Few Greeks can boast their contribution to a certain soccer club spanning across five decades, but Argentine Juan Ramon Rocha has been what he calls a “Panathinaikos soldier” since the late 1970s, and after being a player throughout the 1980s and into the 1990s to turn into the coach to lead the Greens to the 1996 Champions League semis, he is back on the club’s bench as the head coach on Sunday in the clash with PAOK, after the resignation of Jesualdo Ferreira.
While no one can doubt whether “the Indian,” as his nickname back home was, has dedicated his life to Panathinaikos, having spent several years as a scout and a youth team coach as well, it has not always been certain to what extent he is an Argentine or a Greek.
Back in 1979, when the then new owner of Panathinaikos Giorgos Vardinoyiannis brought this promising young star of the Boca Juniors midfield to Greece, the law did not allow for foreign players to join the newly-professionalized Greek soccer. That clause had not stopped club owners from signing stars from abroad, bending the law by giving them fake Greek names and pretending they had a Greek origin.
That was also the case with Rocha, who came to Greece with the name Boublis and becoming a citizen of the suburb of Aegaleo. A series of court battles proved that he had no Greek origins, nearly put him in jail and resulted in a ban, but Rocha picked himself up and returned to the field to lead Panathinaikos in 1984 to its first league triumph in seven years.
Boublis or no Boublis, Rocha was among the key players of Panathinaikos who took the club to the semifinals of the 1985 Champions Cup, with Rocha scoring what he thought would be the opening goal at Anfield, in the first leg of the semifinal against Liverpool, only to see it disallowed for what the referee only considered to be offside. The Greens went on to lose 4-0 on the night, and 5-0 on aggregate, but their fans still wonder what would have happened if…
The Argentine, who had played for Newell’s Old Boys during the first six years of his career, formed a formidable midfield force with Yugoslav international Velimir Zajec at Panathinaikos from the summer of 1985 and won the Greek double in 1986 and a total of five Greek cups before retiring from soccer in 1989, at the age of 35 years.
The Greek game lost a player with great vision and skill who had graced the midfield with his tireless imaginative play, but the Santo Tome-born player turned immediately to coaching. His first stints at Paniliakos, Ilisiakos and Kalamata were good enough to secure him the credentials he needed to replace departed Ivica Osim on the Panathinaikos bench in 1994.
His impact on the team was instant. Although he did not possess a “magic wand” which the press said at the time that he had, he led Panathinaikos to back-to-back league triumphs in 1995 and 1996, capped by yet another entry to the semifinals of Europe’s top club competition. Rocha reached the peak of his coaching time when the Greens played Ajax in Amsterdam and against all odds they won 1-0 in the first leg, courtesy of an amazing run along most of the field by Giorgos Donis and a delicate chip by talismanic striker Krzysztof Warzycha. However, the Greek champions lost 3-0 in Athens to miss out on a second European final, after 1971.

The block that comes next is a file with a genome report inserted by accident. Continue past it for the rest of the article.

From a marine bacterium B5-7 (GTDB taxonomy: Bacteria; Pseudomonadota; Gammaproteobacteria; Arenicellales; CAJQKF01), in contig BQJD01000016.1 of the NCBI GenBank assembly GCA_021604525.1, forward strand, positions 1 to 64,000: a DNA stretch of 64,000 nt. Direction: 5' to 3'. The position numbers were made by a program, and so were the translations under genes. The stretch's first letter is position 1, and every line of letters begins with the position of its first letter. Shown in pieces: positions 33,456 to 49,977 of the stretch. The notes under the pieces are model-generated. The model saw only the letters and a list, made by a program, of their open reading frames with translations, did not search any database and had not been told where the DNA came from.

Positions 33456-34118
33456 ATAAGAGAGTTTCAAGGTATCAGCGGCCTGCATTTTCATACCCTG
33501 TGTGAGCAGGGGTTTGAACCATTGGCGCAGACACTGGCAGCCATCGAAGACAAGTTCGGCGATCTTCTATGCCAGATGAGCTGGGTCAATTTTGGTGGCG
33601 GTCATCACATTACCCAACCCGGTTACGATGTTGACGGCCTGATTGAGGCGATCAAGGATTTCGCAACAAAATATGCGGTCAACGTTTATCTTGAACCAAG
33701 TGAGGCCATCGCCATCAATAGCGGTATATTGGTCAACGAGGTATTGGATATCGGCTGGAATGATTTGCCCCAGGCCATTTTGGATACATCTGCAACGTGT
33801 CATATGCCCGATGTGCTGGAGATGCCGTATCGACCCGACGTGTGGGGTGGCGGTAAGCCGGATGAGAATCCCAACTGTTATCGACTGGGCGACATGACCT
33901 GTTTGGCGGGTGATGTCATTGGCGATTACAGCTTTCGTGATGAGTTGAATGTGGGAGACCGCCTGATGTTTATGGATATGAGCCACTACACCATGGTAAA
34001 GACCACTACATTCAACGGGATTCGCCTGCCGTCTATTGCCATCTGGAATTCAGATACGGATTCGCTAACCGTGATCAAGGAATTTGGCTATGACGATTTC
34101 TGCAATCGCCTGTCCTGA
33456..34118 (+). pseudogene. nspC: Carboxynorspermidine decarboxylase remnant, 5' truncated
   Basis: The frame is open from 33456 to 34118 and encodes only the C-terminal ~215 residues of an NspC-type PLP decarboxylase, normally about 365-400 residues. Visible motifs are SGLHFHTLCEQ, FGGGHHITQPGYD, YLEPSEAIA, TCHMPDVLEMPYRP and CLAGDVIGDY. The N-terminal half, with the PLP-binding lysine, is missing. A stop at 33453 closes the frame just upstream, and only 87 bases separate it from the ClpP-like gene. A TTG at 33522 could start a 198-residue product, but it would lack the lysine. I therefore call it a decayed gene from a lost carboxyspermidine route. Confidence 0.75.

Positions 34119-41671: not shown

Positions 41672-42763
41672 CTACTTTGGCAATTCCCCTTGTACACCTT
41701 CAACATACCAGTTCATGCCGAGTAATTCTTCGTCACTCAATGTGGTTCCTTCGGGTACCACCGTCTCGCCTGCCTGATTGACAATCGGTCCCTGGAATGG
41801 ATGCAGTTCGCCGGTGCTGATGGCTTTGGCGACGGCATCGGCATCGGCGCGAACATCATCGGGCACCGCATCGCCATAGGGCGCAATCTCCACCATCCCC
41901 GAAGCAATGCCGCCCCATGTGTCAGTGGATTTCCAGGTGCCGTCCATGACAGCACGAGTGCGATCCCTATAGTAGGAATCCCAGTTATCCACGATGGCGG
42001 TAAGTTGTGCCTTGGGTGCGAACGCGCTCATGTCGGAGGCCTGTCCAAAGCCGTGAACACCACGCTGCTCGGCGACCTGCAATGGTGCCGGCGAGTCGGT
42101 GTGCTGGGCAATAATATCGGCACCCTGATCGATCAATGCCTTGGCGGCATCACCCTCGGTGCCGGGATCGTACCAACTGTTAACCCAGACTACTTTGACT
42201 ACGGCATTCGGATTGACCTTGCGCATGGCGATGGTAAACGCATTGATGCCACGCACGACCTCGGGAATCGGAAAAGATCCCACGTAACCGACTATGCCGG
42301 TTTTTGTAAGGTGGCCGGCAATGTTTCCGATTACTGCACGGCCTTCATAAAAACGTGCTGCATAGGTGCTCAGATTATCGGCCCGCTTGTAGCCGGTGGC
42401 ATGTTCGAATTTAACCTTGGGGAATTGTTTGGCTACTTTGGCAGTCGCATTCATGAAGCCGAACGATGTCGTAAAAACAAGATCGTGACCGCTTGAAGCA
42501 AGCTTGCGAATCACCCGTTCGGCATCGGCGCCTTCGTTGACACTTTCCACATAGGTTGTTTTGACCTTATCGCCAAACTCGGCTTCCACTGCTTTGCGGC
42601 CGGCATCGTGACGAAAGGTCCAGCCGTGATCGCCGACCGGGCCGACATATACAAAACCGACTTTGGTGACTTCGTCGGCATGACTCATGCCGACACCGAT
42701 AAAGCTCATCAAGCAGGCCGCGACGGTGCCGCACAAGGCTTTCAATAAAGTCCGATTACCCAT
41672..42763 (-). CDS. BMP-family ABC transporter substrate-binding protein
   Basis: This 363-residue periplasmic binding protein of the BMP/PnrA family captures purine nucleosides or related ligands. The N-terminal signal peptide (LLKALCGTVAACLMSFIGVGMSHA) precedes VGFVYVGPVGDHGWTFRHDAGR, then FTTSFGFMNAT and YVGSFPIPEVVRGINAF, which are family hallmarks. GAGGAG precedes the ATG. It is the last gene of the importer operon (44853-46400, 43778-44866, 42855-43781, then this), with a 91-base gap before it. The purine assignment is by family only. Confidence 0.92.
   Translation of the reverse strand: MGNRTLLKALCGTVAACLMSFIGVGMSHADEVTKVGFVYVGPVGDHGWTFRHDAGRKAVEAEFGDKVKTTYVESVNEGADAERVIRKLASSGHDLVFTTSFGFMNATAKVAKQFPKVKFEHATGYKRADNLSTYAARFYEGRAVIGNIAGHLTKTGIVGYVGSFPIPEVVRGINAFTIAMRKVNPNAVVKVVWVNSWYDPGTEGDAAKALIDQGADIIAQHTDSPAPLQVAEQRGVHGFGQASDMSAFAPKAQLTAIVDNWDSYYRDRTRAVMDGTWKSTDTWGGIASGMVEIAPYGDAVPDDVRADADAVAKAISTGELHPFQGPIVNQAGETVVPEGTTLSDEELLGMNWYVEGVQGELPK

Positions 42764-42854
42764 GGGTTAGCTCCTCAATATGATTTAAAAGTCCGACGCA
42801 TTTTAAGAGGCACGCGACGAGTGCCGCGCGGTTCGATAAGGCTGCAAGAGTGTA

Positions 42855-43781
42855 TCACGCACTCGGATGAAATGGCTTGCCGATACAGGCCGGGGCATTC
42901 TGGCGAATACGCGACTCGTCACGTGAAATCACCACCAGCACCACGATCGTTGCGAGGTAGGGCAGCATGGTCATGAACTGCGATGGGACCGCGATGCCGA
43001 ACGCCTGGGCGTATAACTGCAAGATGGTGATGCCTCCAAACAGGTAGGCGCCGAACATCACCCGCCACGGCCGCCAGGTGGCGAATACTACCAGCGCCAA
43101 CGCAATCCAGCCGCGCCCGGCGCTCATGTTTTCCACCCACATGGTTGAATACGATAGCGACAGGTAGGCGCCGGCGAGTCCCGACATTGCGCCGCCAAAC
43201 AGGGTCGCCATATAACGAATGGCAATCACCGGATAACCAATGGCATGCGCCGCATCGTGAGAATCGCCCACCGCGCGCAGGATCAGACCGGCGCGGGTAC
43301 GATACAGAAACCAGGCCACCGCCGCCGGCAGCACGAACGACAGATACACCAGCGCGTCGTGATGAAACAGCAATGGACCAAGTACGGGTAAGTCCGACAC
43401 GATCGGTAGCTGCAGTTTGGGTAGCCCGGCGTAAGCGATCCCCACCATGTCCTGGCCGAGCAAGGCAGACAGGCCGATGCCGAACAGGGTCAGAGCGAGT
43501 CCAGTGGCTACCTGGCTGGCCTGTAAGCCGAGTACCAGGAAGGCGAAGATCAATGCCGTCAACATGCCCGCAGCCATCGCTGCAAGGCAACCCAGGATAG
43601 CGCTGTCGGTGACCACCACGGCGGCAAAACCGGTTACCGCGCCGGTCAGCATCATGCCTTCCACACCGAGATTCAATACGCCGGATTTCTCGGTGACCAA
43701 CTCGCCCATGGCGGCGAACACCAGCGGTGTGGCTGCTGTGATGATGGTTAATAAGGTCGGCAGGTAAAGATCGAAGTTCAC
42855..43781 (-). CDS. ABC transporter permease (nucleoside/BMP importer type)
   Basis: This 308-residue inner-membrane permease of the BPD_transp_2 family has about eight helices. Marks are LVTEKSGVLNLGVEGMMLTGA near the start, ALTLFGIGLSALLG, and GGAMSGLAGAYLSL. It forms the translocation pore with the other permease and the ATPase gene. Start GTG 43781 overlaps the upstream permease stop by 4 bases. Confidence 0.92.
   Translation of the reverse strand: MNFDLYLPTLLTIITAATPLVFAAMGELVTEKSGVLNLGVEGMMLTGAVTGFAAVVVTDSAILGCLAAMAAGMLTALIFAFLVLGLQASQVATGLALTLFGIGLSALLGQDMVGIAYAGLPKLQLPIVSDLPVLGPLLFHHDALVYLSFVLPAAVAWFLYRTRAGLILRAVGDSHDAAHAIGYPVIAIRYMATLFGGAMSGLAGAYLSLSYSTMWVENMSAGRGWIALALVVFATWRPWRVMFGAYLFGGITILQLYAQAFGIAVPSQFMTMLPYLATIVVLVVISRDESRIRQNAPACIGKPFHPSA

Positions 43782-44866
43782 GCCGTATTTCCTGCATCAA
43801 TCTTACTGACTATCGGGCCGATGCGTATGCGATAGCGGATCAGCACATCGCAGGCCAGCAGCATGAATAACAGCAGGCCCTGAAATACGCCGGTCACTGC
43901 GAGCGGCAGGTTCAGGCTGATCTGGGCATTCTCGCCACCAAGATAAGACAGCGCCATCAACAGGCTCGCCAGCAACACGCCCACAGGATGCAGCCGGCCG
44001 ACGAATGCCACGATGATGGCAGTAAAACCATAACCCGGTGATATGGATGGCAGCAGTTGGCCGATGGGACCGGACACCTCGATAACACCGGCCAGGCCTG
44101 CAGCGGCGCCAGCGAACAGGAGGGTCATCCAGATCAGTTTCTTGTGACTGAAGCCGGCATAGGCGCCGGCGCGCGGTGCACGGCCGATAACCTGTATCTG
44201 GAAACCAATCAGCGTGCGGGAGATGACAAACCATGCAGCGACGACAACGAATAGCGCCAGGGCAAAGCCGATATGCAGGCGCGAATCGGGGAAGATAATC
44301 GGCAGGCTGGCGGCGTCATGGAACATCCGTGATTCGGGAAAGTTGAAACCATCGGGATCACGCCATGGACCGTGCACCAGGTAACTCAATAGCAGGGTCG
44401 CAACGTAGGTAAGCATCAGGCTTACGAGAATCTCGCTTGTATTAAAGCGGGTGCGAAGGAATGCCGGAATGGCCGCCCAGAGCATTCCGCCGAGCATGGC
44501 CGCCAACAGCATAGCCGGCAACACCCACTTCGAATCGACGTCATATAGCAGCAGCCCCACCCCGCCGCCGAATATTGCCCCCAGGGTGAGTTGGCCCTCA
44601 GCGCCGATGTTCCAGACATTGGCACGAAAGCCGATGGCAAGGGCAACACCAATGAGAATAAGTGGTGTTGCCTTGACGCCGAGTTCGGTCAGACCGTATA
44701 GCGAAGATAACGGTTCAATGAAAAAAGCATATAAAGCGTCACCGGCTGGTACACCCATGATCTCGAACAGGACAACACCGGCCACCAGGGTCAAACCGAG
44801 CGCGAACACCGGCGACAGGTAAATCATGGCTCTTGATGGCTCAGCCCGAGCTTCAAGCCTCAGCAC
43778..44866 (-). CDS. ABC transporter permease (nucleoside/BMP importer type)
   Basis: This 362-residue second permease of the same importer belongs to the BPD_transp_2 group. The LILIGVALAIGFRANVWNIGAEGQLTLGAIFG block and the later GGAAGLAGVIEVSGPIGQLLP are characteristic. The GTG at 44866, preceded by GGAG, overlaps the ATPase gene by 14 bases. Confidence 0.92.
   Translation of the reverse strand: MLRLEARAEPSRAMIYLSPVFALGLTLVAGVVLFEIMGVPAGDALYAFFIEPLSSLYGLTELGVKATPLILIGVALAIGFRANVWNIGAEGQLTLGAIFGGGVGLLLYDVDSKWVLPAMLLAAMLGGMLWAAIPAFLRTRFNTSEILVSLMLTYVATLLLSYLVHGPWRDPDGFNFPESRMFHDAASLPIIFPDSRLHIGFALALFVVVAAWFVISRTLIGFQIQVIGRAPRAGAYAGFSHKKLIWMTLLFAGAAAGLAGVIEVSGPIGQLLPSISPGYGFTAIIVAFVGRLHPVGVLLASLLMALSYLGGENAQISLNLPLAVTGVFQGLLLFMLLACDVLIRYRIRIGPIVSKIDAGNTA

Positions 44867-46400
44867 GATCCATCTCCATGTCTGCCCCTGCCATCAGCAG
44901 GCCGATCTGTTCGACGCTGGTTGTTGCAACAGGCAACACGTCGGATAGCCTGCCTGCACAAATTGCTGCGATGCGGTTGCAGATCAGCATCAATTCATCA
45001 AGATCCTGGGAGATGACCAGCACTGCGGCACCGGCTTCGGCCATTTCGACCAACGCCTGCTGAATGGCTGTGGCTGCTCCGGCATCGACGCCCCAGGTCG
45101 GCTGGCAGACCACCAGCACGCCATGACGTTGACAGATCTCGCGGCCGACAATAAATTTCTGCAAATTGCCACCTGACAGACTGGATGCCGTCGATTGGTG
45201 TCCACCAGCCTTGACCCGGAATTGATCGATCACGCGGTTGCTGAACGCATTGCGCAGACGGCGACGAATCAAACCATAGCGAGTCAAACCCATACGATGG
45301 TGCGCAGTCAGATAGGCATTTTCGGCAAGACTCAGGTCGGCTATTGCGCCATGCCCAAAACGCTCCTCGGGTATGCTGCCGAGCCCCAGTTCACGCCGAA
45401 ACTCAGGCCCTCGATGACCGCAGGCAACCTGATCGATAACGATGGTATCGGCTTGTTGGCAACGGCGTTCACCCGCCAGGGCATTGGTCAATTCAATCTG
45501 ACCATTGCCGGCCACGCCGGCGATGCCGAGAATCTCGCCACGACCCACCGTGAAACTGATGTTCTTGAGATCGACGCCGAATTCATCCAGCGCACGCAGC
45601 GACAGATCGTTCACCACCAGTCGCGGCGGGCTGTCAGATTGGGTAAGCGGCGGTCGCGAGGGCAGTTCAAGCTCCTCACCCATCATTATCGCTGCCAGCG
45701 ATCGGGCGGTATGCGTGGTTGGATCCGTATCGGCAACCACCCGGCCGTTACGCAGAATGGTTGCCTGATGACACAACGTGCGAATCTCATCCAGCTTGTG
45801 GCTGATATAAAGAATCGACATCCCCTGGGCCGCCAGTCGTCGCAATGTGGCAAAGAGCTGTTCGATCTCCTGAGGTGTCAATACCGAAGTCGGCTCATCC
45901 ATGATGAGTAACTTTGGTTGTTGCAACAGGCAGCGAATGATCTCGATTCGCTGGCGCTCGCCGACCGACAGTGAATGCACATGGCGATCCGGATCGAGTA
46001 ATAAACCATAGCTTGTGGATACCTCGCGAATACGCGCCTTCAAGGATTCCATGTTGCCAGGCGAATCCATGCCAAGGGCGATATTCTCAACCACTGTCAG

A few months later, the decline of Panathinaikos as a club started, from which the team is yet to emerge. Rocha was soon on his way out after a string of poor performances. He had mixed results next year on the Aris bench, but was never far away from Panathinaikos. In 1999 he was called to task again as the head coach, but without any success.
Some brief spells on the benches of Xanthi, Ilisiakos and Olympiakos Nicosia (twice) followed in the decade of 2000, that ended with Rocha working as a scout and then as the Under-20 team coach, leading the club to youth championship triumphs and bringing up a number of talented youngsters for the first team whom he will now be managing again as the club’s head coach. By now it has become clear that it is only Panathinaikos that becomes him, and that he is at heart more Greek than his papers, fake or real, would suggest.
It is no secret that several Greece managers would have loved to have him at their disposal as a player, and might have done so had Rocha not played twice for the national team of Argentina.
With a number of underperforming players in the Greens’ squad at the moment, some of them of Latin origin just like Rocha, it is no coincidence the board of Panathinaikos has chosen “the Indian” to take over from Ferreira. After all, they remember how Rocha transformed the career of another Argentine, the midfielder Juan Jose Borelli in the 1990s, and they will hope he can do the same now.
The irony is that his third debut on the Panathinaikos bench, on November 18, will be against a team coached by the man who gifted him the most glorious night of his managerial career, Donis, who is also the father of two of the Panathinaikos youth team members. Maybe the talented guitar player and merengue singer, that Rocha also is, could pen a song about this momentous encounter for him to hum along, while downing one after another the bottles of water he loves to drink on the bench during games. Panathinaikos fans would certainly drink to the success of the man who would be Greek.